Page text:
More Revisionist History
When Hardware Changes
Hardware revisions are all the rage in the news again! And how about that Switch Pro, eh? That particular rumor didn’t exactly pan out the way a lot of folks wanted it to, but whether or not it’s for you, the Switch OLED does look pretty neat, especially for folks who primarily play in handheld mode.
So it once again got me thinking of cool hardware revisions throughout history. We did this a few years ago when the Switch Lite was announced, so why not, right? There are a ton of great hardware refreshes out there, so let’s have some fun looking back at some of the neat ideas companies came up with to keep their consoles on store shelves.
The Super NES Model 2
I’m not sure what the “official” name for this one is, but for the longest time folks referred to this as the SNES mini. That is, until Nintendo released their Super NES Classic Edition and everyone started calling THAT the SNES mini. Regardless, this little guy packs a punch.
While the original is without a doubt the superior model, there’s still a lot to like with its little brother. The smaller footprint is nice, and these units don't seem to yellow quite as much as the originals did. It’s also a much sleeker looking console overall with fewer sharp angles and the smooth arched top section.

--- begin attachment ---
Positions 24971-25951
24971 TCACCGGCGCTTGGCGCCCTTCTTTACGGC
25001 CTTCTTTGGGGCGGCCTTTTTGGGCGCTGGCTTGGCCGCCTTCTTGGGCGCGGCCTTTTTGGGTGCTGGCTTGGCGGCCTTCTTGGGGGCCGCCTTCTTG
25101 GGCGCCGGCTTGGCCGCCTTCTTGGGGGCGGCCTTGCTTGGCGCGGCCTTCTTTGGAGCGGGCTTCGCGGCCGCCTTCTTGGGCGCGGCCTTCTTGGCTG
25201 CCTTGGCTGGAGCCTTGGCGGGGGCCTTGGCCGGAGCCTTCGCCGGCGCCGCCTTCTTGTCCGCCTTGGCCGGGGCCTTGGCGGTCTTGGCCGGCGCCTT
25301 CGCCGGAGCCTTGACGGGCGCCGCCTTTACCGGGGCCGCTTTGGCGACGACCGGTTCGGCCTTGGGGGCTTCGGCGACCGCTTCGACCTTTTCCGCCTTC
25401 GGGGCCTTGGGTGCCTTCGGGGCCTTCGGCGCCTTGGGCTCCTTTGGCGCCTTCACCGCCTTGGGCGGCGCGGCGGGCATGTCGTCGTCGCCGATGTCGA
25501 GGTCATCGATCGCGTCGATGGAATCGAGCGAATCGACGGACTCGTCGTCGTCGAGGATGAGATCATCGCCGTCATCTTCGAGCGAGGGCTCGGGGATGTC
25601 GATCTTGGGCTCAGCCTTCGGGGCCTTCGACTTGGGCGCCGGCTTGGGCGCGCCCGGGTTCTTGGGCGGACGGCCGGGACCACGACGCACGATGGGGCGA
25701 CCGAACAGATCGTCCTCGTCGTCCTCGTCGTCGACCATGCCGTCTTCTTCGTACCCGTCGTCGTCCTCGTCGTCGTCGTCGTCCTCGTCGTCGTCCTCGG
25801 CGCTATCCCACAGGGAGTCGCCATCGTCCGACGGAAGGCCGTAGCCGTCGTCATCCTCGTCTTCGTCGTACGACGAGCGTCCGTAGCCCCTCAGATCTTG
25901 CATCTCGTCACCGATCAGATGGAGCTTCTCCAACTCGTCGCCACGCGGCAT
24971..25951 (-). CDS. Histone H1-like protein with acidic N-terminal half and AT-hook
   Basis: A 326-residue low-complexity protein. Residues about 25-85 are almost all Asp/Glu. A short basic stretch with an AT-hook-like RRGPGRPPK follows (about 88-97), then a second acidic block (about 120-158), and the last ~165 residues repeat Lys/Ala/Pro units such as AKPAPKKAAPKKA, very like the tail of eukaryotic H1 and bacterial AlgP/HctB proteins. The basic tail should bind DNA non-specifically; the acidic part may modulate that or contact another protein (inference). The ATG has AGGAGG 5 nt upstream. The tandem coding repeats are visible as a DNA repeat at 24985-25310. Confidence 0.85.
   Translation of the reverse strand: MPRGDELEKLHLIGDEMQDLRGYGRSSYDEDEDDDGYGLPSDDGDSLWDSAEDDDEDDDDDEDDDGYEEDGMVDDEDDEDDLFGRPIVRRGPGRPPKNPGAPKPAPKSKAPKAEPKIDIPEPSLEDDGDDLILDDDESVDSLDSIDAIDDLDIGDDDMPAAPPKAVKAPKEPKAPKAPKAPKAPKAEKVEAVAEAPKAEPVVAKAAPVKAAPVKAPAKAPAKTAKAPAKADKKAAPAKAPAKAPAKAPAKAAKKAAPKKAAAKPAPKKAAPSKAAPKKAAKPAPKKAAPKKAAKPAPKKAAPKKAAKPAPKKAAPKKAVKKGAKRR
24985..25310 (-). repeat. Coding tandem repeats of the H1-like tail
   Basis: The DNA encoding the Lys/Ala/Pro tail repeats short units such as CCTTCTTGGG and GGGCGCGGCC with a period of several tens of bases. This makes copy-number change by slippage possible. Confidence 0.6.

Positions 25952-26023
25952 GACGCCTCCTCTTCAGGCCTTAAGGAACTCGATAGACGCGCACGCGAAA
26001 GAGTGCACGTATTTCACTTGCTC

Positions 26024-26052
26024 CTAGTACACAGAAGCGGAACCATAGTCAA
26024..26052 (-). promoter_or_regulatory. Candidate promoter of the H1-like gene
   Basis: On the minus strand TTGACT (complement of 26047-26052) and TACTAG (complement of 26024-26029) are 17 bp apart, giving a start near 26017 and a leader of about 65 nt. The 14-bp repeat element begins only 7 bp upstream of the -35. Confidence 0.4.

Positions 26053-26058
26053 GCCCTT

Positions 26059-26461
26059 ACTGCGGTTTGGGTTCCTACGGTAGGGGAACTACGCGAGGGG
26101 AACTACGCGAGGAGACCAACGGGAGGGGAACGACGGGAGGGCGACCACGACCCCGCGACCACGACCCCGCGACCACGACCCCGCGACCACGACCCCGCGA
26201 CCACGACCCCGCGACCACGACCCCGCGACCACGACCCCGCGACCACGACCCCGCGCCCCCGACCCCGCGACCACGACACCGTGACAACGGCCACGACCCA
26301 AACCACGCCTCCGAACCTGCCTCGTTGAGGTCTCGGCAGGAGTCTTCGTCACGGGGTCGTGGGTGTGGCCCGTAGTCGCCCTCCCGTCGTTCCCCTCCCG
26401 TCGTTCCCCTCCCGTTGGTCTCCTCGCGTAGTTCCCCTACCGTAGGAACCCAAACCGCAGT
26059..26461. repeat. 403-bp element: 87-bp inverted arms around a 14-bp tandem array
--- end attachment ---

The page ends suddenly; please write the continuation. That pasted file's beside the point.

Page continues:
Yes, I miss the LED power indicator light, and that super cool eject button, but in terms of having a SNES console on your shelf that takes up less space and just looks really nice, this isn’t a bad route to go. It even came with a unique controller that had Nintendo’s logo embossed in the center instead of the Super NES logo painted on. Nice!
Sega Genesis 3
The Sega Genesis 2 was an interesting beast. It didn’t sound quite as good as the original Genesis, but it was a super sleek-looking design, especially when compared to the Super NES. The Genesis 3 though, is bonkers.
If you’ve never seen one in person before, it’s kind of hard to wrap your head around just how small it is. It may not seem like much of a feat these days where supercomputers fit in your pocket, but back then having a functional Sega Genesis about the size of a portable CD player was kinda crazy.
In fact, they arguably went a little too far in the shrinking department because the system is so light the tension of the wires used to hook it up to the television is strong enough to actually move the system around.
It doesn’t play well with any of Sega’s add ons, like the Power Base Converter, 32X, and Sega CD. That’s not to say there aren’t ways around that particular limitation, just that it isn’t as easy as you’d hope.